Northern Ireland

Unionist threatened after expressing support for Casement Park revamp says `I can’t let it stop me’

Ulster Unionist councillor vows not to be silenced following abuse

UUP's Linzi McLaren
UUP's Linzi McLaren

An Ulster Unionist councillor who was threatened following her public support for the revamp of Casement Park has said she cannot let the abuse deter her.

Ards and North Down Councillor Linzi McLaren said she was a target because she was a woman and a moderate unionist, which had upset certain people.

The former PSNI officer also received an abusive letter after arguing the GAA deserved a stadium.

She said while she had seen “obscene abuse” directed towards her male counterparts, she believes that when the abuse is towards women its “very personal”.

“When women receive abuse it crosses a line - what they look like, what they’re wearing, what life choices they’ve made,” she said.

A delegation from the organisers of the Euro 2028 football tournament on site this afternoon for an early inspection of the venue.
The venue in west Belfast is earmarked to host games at the tournament in four years.
But the stadium has yet to be redeveloped.
The deadline to complete the construction is mid-2027.
At this stage, there is not sufficient funding to pay for the redevelopment, which could cost more than £200m.
A delegation from the organisers of the Euro 2028 football tournament on site at Casement Park on Wednesday.

The UUP councillor told BBC’s Good Morning Ulster she will remain a public representative despite threats following her public support for the redevelopment of the west Belfast venue.

She posted on X that governments invested money in stadiums because “the injection of cash into the economy is huge”.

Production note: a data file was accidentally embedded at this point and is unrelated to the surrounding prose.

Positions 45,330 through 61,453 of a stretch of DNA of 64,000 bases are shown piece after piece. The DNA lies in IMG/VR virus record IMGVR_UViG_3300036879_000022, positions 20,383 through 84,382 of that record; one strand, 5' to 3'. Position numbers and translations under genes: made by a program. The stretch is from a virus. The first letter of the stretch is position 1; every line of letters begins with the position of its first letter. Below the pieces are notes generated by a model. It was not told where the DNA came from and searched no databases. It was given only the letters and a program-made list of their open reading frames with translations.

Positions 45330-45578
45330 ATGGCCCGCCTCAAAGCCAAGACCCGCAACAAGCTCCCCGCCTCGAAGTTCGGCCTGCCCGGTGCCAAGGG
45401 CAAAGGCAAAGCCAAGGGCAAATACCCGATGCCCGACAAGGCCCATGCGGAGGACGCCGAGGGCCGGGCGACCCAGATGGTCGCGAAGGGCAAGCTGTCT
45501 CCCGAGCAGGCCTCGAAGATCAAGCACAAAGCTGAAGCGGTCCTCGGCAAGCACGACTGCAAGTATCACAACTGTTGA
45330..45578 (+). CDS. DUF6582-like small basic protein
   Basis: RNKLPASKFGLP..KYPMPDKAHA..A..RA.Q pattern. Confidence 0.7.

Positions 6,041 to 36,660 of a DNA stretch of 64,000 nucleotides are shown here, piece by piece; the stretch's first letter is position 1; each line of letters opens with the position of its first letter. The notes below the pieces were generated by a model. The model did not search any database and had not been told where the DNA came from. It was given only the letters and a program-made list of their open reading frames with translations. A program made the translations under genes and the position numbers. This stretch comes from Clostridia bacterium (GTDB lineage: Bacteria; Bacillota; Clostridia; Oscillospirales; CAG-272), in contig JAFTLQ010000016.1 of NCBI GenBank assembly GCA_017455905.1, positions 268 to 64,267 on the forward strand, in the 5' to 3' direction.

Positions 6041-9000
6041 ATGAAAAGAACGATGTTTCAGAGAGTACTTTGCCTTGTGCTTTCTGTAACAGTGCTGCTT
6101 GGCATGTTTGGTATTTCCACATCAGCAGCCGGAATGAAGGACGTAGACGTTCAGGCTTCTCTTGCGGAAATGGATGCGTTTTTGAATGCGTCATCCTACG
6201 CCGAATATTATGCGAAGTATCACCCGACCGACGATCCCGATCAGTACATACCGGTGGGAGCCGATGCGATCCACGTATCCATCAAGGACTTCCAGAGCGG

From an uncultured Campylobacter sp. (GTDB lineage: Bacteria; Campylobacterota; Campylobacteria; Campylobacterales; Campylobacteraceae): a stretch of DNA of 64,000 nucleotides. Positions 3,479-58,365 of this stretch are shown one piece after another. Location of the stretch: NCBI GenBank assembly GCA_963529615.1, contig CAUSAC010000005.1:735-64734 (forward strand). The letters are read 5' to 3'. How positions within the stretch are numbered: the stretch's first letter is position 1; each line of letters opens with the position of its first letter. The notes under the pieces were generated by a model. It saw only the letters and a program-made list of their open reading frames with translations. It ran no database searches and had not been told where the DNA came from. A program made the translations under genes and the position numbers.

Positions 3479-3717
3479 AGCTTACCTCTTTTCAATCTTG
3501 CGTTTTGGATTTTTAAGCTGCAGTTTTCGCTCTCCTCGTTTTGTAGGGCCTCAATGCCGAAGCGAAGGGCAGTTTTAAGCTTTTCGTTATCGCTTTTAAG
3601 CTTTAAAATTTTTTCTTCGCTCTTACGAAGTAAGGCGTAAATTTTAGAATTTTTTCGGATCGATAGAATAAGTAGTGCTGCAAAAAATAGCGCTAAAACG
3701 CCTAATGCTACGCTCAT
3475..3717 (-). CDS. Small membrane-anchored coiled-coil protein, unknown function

The GAA deserved a stadium and any debate around cash for Casement should be “objective” and “free from whatever mistrust people feel toward the GAA as an organisation”, the councillor added.

She said that the latest threat “unnerved” her, adding that “you just start to get worn down by it”. “It won’t stop me from being a politician. I can’t let it stop me”.

“I believe the right politicians with the right moral courage can make a difference in Northern Ireland and they can’t be threatened for trying to fulfil that role.”

Ms McLaren, who said she had a strong relationship with her local GAA club in Holywood, Co Down, began receiving abuse early in her political career. She almost believed “that it’s part and parcel of the role”.

However, she added: “I think that’s a dangerous precedent to set - to accept that someone in a public role should be normalising abuse and threats - because it isn’t acceptable.

“If there’s abuse and threats every time a politician decides to speak up on an issue, less and less people are going to decide to throw their hat in the ring and stand for election, especially women, which I find incredibly sad.”